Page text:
Jean Decety and Jason M. Cowell
Perspectives on Psychological Science
2014, Vol. 9(5) 525 –537
In the past decade, a flurry of empirical and theoretical research on morality and empathy has taken place, and interest and usage in the media and the public arena have increased. At times, in both popular culture and academia, morality and empathy are used interchangeably, and quite often the latter is considered to play a foundational role for the former. In this article, we argue that although there is a relationship between morality and empathy, it is not as straightforward as apparent at first glance. Moreover, it is critical to distinguish among the different facets of empathy (emotional sharing, empathic concern, and perspective taking), as each uniquely influences moral cognition and predicts differential outcomes in moral behavior. Empirical evidence and theories from evolutionary biology as well as developmental, behavioral, and affective and social neuroscience are comprehensively integrated in support of this argument. The wealth of findings illustrates a complex and equivocal relationship between morality and empathy. The key to understanding such relations is to be more precise on the concepts being used and, perhaps, abandoning the muddy concept of empathy.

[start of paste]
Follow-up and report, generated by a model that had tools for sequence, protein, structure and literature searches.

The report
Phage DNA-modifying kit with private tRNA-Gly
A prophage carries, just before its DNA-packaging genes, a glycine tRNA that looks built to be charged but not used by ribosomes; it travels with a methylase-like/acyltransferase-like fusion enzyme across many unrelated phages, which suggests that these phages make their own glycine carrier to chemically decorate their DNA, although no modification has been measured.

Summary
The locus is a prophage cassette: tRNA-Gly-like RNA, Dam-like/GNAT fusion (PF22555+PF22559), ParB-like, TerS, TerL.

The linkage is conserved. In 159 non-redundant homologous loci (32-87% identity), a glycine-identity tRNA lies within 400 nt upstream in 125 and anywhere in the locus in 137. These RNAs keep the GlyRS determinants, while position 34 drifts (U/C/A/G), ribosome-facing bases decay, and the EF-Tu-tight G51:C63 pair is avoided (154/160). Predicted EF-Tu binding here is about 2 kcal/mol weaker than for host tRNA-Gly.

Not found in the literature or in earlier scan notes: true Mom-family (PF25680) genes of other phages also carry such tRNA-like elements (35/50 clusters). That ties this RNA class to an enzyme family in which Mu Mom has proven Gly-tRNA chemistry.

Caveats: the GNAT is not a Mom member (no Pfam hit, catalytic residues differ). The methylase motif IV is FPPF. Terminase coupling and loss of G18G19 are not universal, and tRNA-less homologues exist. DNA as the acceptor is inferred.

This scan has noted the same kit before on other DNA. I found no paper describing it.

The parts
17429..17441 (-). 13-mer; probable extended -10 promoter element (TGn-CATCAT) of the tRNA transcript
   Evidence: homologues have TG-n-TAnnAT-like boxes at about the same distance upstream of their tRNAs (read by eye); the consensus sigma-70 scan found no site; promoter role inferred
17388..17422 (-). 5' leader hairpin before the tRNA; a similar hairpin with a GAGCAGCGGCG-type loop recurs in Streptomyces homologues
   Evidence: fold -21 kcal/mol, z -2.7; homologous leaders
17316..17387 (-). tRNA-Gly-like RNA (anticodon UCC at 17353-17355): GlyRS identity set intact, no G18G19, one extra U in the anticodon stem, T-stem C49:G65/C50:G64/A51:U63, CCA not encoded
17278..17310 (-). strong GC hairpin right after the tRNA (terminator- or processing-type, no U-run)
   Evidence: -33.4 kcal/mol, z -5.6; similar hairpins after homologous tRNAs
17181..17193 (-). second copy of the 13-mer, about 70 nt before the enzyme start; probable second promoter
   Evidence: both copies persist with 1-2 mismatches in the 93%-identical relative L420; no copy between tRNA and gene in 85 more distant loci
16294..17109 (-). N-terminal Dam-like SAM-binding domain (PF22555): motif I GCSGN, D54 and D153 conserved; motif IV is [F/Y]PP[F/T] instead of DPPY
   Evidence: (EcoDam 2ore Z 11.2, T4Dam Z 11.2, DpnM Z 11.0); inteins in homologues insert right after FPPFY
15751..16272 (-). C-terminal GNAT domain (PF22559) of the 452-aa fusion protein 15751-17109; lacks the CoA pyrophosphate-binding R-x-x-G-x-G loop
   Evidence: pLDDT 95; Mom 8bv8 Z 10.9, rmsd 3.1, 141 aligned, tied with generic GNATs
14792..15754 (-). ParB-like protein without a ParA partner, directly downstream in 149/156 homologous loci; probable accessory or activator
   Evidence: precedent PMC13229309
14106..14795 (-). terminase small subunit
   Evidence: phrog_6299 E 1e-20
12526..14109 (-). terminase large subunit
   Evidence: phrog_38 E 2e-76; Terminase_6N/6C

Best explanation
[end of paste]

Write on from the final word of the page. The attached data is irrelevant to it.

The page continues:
Is Empathy a Necessary Concept?
To wrap up on a provocative note, it may be advanta-geous in the future for scholars interested in the science of morality to refrain from using the catch-all term of empathy, which applies to a myriad of processes and phenomena and, as a result, yields confusion in both understanding and predictive ability. In both academic and applied domains—such medicine, ethics, law, and policy—empathy has become an enticing, but muddy, notion, potentially leading to misinterpretation. If ancient Greek philosophy has taught us anything, it is that when a concept is attributed with so many meanings, it is at risk for losing function.
The entire article is here.